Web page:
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Today's Recommended Reading!

I wanted to write a long post talking about all of these things in a thoughtful manner, then my brain popped. So here. HAVE ALL THE THINGS.

On Race and History:

It's Time to Talk About Black Tudors

One of the examples of Africans found in important jobs at the time is a man named Fortunatus, who was in the employ of Robert Cecil, a member of Queen Elizabeth I’s Privy Council, proving that blacks in Tudor times were not always confined to the lower classes. Black representation in 16th and 17th Century art and literature was not unusual. Juriaen Van Streeck (1632-1687)’s painting “A Still Life with a Moorish Servant” depicts a Black man. Jan Brueghel, a prominent Flemish artist also has paintings of Black subjects.

With well-cited facts, records and other documents, credibility is lent to an under-researched and generally unpopular area. Onyeka Nubia acknowledges the challenges of working on such a neglected topic and stresses the history of the African diaspora be “taken more seriously.” Nubia carefully details the problems faced when researching the historical data of blacks — it begs the question, why are modern historians so uncomfortable with discussing the historical Black presence in Renaissance Europe? This is an area of history that hegemonic historians ignore.


Tudor Africans: What's in a Name?

It appears, then, that descriptions of Africans as Blackamoores, Moors, Negroes and Ethiopians in documents, parish records, books and letters from the 16th to the early 17th centuries could be used interchangeably. Of course this does not resolve all the issues related to these meanings. Did Africans choose the various terms that were used in parish records to describe them or were they imposed on them? Did the terms Blackamoore, Moor and Negro really ‘smell as sweet,’ investing those described thus with status and respect or did they have pejorative connotations that reflected perceptions of Africans as dejected strangers, immigrants and perpetual slaves? The evidence uncovered so far suggests that at least some Africans had a sense of their own ethnic identity and not all were slaves.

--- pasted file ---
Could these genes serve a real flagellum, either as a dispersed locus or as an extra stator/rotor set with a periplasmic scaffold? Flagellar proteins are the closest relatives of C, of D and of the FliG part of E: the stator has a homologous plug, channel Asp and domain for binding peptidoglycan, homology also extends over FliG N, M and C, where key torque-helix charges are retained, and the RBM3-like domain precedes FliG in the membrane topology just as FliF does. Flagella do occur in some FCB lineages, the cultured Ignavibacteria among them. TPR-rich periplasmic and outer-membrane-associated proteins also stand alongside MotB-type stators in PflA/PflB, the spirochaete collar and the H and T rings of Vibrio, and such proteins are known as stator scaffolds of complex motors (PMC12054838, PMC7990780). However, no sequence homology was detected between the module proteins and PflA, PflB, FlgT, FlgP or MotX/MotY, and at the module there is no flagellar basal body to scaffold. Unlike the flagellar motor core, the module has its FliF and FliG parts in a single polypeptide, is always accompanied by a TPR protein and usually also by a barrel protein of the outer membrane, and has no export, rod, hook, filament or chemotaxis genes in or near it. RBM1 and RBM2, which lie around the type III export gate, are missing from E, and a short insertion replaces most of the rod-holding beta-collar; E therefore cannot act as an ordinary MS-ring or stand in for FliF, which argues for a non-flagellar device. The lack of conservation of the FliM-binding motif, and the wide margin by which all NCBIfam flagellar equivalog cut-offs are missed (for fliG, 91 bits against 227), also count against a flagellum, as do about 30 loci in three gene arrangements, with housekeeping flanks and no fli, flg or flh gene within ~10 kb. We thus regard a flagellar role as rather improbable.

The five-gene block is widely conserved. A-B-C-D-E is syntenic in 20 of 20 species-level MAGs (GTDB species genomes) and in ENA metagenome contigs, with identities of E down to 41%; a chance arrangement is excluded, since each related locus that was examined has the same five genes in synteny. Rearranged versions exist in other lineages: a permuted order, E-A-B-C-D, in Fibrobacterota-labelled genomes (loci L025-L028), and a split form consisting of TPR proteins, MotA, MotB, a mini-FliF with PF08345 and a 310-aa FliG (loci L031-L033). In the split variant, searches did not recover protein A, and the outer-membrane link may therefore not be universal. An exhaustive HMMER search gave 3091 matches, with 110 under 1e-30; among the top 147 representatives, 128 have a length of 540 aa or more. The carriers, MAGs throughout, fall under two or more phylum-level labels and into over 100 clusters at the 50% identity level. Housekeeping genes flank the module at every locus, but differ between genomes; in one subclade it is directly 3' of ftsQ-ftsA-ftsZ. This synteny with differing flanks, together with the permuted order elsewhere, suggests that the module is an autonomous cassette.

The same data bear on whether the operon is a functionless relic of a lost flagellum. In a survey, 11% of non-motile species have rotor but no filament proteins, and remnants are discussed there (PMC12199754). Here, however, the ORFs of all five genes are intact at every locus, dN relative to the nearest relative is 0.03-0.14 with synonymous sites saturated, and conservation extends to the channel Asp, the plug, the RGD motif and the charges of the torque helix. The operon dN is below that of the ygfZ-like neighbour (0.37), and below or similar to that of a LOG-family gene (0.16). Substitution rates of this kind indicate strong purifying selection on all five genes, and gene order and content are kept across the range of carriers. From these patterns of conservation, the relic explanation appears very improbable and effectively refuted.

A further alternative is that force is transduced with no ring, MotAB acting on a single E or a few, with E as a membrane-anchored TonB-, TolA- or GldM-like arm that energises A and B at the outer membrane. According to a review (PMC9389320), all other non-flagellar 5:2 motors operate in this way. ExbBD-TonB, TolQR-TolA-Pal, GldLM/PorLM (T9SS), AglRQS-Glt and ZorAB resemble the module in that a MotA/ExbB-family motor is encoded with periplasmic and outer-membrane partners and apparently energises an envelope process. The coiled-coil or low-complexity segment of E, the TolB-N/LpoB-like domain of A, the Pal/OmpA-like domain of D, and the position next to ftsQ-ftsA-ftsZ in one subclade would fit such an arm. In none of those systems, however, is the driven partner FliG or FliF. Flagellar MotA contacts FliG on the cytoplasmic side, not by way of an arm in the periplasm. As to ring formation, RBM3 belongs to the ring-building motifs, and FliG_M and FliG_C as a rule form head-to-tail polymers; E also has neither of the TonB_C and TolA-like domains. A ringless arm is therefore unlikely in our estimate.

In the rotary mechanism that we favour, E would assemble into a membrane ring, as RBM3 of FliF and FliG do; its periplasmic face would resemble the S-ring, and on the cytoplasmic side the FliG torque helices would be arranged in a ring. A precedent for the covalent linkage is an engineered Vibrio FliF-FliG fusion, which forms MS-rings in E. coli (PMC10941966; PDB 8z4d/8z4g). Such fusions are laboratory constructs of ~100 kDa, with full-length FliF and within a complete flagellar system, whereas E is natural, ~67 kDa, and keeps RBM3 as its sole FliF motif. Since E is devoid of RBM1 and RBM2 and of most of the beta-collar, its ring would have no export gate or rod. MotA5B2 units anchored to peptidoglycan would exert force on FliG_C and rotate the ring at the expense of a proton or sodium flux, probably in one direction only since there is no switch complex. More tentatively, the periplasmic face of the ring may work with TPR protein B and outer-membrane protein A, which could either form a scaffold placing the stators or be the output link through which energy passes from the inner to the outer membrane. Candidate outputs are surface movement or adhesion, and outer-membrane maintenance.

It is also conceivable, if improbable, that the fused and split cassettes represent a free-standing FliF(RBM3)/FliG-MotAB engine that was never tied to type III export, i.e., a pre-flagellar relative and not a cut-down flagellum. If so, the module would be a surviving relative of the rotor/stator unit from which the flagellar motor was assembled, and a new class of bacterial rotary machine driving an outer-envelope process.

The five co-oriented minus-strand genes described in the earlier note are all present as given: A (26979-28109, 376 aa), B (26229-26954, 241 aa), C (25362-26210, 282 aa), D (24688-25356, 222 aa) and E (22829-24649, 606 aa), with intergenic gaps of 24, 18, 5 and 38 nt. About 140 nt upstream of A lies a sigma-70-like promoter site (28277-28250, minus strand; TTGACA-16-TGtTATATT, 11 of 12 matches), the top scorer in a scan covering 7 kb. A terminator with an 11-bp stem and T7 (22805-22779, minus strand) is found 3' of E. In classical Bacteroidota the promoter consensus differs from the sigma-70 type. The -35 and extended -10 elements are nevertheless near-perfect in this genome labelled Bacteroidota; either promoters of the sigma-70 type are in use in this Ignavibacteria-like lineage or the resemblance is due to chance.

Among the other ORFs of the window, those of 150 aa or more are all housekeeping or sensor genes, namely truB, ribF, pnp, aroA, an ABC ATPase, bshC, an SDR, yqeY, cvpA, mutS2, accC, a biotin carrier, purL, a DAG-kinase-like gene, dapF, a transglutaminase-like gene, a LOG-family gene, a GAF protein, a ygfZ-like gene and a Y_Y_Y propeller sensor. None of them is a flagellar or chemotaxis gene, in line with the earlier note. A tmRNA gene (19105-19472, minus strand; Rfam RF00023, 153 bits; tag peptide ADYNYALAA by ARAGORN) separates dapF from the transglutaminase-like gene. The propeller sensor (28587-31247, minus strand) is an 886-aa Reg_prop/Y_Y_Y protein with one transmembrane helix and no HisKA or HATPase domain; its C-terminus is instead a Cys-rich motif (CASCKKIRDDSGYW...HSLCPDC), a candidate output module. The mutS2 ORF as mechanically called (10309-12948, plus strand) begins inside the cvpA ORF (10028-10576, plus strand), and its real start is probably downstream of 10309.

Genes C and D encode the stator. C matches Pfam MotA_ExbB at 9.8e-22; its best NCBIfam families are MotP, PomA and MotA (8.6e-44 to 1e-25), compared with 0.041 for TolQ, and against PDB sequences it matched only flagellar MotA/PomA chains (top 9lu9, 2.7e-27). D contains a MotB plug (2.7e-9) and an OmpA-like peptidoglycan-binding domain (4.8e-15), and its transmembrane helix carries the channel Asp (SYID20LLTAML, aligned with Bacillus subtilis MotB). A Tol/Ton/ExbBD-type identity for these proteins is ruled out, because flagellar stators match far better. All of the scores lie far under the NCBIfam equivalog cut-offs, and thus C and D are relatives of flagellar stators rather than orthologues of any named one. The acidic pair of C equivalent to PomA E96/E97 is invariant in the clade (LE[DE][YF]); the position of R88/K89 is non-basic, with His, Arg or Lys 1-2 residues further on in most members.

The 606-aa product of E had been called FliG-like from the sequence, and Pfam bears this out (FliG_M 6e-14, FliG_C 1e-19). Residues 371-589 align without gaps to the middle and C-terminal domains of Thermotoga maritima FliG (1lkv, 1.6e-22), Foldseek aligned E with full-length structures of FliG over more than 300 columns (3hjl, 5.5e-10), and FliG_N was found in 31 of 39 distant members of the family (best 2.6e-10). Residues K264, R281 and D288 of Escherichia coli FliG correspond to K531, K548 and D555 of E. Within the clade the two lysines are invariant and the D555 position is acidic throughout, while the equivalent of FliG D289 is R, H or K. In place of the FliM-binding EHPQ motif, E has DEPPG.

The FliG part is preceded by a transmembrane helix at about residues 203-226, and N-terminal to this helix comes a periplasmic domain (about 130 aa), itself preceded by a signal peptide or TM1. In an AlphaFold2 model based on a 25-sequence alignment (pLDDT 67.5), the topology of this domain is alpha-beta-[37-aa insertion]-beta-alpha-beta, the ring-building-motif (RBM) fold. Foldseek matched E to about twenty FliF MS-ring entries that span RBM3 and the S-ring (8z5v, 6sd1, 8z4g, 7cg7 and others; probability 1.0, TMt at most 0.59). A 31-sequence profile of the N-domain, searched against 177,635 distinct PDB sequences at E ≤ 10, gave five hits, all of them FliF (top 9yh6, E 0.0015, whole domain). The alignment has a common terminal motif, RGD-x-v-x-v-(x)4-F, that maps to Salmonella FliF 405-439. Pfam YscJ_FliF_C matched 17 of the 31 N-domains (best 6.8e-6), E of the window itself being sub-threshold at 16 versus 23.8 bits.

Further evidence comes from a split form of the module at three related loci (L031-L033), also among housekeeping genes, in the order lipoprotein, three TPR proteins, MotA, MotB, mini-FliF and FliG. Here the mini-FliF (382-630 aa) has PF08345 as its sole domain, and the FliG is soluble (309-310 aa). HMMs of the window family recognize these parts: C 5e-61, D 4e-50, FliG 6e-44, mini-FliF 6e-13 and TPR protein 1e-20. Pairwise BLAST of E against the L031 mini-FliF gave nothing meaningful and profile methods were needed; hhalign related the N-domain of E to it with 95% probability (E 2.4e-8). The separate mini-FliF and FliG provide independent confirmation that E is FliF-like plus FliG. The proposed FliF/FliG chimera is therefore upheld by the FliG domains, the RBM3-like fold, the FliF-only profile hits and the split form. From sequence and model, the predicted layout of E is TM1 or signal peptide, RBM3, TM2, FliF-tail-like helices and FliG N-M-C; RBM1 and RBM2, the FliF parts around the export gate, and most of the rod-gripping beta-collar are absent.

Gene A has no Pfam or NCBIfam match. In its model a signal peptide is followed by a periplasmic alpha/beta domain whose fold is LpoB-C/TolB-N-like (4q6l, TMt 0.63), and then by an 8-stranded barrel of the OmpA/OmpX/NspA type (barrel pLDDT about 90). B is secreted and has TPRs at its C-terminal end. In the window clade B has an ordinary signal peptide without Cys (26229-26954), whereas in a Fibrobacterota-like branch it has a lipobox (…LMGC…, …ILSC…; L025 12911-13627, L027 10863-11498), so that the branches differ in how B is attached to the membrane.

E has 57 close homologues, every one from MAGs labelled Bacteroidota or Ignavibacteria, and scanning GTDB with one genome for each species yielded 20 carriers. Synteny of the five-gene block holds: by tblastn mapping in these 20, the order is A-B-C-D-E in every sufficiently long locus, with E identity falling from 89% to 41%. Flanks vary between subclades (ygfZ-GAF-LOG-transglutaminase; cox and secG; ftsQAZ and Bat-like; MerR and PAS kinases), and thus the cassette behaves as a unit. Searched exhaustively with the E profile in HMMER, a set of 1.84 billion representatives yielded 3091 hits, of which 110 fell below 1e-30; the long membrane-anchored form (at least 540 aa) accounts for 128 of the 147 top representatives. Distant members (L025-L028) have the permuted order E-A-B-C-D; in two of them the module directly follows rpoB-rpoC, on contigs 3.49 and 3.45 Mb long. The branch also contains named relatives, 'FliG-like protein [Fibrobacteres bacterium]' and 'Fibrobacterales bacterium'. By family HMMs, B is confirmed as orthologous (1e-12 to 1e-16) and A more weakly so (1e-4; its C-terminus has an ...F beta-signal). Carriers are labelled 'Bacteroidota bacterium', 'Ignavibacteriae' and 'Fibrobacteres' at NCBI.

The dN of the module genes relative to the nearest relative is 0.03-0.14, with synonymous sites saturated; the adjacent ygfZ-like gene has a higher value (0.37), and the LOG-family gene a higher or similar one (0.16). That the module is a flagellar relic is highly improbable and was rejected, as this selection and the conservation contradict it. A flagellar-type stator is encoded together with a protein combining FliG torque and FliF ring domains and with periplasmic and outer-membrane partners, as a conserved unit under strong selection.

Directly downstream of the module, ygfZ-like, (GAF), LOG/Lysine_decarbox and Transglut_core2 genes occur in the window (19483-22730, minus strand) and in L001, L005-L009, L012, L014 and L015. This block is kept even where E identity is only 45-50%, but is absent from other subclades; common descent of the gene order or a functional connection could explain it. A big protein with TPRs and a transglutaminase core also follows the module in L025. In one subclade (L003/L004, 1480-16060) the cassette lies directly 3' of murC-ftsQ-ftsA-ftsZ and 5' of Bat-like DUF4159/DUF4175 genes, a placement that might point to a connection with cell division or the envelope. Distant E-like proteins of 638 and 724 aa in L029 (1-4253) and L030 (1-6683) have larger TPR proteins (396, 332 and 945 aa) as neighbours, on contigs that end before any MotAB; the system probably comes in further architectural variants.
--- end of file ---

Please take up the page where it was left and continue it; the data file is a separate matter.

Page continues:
As the English merchant and trader Thomas Sherley says in 1600: ‘All the Blackamoores in England are regarded but only for the strangeness of their nation and not for service to the Queen.’ But the evidence uncovered so far suggests that his view is not reflective of how most people felt in Tudor England.


On Fandom:

Johnlocked: Sherlock, Slash Fiction and the Shaming of Female Fans

The gendered stereotyping of female fans has a long history: Horton and Wohl, in 1956, described fandom as a surrogate relationship and focused on "para-social interactions": the illusory relationships fans form with celebrities[2]. Joli Jenson noted that literature on fandom argues that fans "suffer from psychological inadequacy, and [...] seek contact with famous people in order to compensate for their own inadequate lives"[3]. More recently Melissa A. Click, Jennifer Stevens Aubrey, and Elizabeth Behm-Morawitz note that public commentary on Twilight "positions girls and women as unexpected and unwelcome media fans, and denies the long and rich history of the relationships female fans have had with media texts and personalities"[4], and the publication of E L James's Fifty Shades of Grey trilogy in 2012 resulted in hundreds of articles about the emergence of female sexuality and erotica – their authors apparently unaware that women have been consuming porn for years.